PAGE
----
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the unbearable lightness of seeing
silver screen shrinkage
by mike julianelle

Over the weekend, Pixar's latest flick opened to rave reviews and close to $70 million at the box office. Up's triumph is nothing new; Pixar has yet to have a flop. But it's not the only movie making money this year. Despite the recession we're mired in, overall box office is up 15% from last year. It seems that, in these tough times, everyone is getting some "cheap" entertainment by going to the movies even more often than usual.

Everyone, that is, except me.

I used to be the guy that saw everything. From Korean horror films to experimental Gus Van Sant movies to Spielberg's latest, I went to the local multiplex behemoth or the art-house closet so I could see them on the big screen. I went on weekends, at night, during the day and I went by myself about as much as I didn't. I have always done my best to avoid the vapid Hollywood star vehicles and glossy blow-up flicks, but I still always made it to the theater for just about everything I was interested in. But over the past year or so, the amount of movies I've seen in the theater has dwindled. I've yet to see any of this summer's so-called blockbusters and my typical bounty of indie and foreign films has shrunk to nearly zero. I still think seeing movies in the theater is the best way, so what happened?

Life, my friends. Life: I got married. And I moved to New York. Things changed.

No, my wife doesn't have my balls in a jar under the sink. And she's not some lunatic who thinks movies are the devil. But she is my most frequent companion, and that includes trips to the movies. Unfortunately, we don't always want to see the same things. Now, I'll go to the occasional musical with her because I'm a sweetheart, but she won't accompany me to one measly Swedish vampire flick! We have some overlap, sure, but not a ton, and it usually results in us seeing a Judd Apatow comedy. Or something with Paul Rudd.

I mentioned New York and I know what you're thinking. How could living in New York City be an impediment to seeing movies? You're right, access is not a problem. There are more theaters offering every kind of movie than any place I've lived. But I don't have a car and I live in Brooklyn. A subway ride into Manhattan takes anywhere from 20-45 minutes, and that's not including uptown, which might as well be Australia. What's it like past 60th street? Do the toilets flush differently? I may never know. That distance can definitely be a factor in me not going to certain theaters. It's also the reason I've yet to visit the new Yankee Stadium. That and the asshole Yankee fans.

Time can be an issue as well. Killing 3 hours at a movie when there are other things to be done can be an issue, especially during the summer. We'd rather be spending a gorgeous day drinking beer outside than sharing a 64-ounce coke inside a dark room. At least before it hits the high 90s.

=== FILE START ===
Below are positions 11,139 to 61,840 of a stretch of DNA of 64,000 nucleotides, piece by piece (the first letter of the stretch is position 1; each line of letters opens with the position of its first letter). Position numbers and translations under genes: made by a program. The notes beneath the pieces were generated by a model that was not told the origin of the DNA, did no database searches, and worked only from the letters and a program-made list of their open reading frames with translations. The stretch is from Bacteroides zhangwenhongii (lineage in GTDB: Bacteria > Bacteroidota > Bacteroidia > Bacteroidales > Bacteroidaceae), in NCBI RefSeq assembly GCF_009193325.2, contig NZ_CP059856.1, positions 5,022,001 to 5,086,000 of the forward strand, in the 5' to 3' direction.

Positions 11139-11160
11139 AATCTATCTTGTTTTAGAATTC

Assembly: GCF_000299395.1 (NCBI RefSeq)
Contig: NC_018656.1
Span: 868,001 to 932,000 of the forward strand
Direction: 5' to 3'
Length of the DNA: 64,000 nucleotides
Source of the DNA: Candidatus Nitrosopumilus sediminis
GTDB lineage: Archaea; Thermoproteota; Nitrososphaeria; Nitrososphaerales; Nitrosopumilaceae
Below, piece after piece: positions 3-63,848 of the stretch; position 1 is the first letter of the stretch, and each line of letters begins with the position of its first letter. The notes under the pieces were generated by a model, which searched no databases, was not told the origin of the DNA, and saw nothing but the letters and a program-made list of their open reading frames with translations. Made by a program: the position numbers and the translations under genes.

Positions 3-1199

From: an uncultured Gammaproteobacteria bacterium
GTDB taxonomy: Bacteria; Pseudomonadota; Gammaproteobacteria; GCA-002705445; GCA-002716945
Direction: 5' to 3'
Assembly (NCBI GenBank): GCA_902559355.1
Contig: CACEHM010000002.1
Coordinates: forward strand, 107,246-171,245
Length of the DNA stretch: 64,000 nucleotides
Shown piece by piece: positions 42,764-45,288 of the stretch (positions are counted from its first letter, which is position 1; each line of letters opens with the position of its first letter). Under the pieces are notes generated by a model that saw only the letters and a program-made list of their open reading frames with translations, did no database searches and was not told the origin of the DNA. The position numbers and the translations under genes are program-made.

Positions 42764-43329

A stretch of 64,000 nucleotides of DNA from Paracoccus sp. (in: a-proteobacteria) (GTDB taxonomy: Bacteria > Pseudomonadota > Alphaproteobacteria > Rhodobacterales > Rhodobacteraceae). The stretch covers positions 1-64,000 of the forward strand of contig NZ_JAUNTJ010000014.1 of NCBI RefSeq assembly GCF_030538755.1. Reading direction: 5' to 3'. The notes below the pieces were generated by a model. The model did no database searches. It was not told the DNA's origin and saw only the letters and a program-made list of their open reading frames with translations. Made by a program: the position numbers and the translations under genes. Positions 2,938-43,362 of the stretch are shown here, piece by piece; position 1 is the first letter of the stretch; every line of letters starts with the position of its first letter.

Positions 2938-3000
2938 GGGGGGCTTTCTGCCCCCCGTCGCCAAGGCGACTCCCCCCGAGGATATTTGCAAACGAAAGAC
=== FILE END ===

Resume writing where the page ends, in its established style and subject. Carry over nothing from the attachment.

In the end, the biggest factor is not any one thing, it’s a combination. Years back, I wrote about the obnoxious way the movie industry bottlenecks their best films by releasing them all from November to January. Things have gotten even worse since that column, especially since most of the Hollywood flicks that get released from May to August are horrible (I mean, have you seen the trailer for G.I. Joe?). It’s just not easy to see the movies you want when they are all crammed into a three-month period.

At the same time, my tastes have changed; I am much harder to please today than I was fifteen to twenty years ago. What can I say? I'm not fourteen anymore, and it's the fourteen-year-olds and all the other unbearable teenagers that drive the entertainment industry, especially summer movies. It's painful to reach the age when it seems like most entertainment is geared towards people younger than you, especially when so much of that entertainment is so bad. I’m still hanging in with the vaunted 18-34 demographic but I can already feel it. Especially after catching a few minutes of the “MTV Movie Awards.”

The saddest part of all is that I thought today’s kids were savvier about the entertainment they digest, having grown up with the internet and more media than ever before. I figured that the kids would have become more discriminating just by having to wade through so much of it on a daily basis, and that they would force Hollywood to create better product. But just when I think it's working, that kids have gotten smarter since the days Teen Wolf was a huge hit, and Hollywood has responded with material like the Pixar movies, something like Twilight explodes and we're back to square one. The vampires sparkle in the sunlight, for Christ's sake!

To be fair, Twilight's success isn't necessarily an indication that all teens are dumb. Just that teenage girls are. Dumb and horny.

On second thought, I take it all back. I'll go to fewer movies. I'll deal with "Hannah Montana" and High School Musical. I'll even rent Twilight. Just let me be fourteen again.


Let's get real here. You don't want to know about me. You want to know about "me".

more about mike julianelle


this book is a movie
strike that, reverse it
by mike julianelle
topic: film
published: 2.6.09

the theme song remains the same
superman returns to a multi-paneled multiplex
by mike julianelle
topic: film
published: 5.12.06


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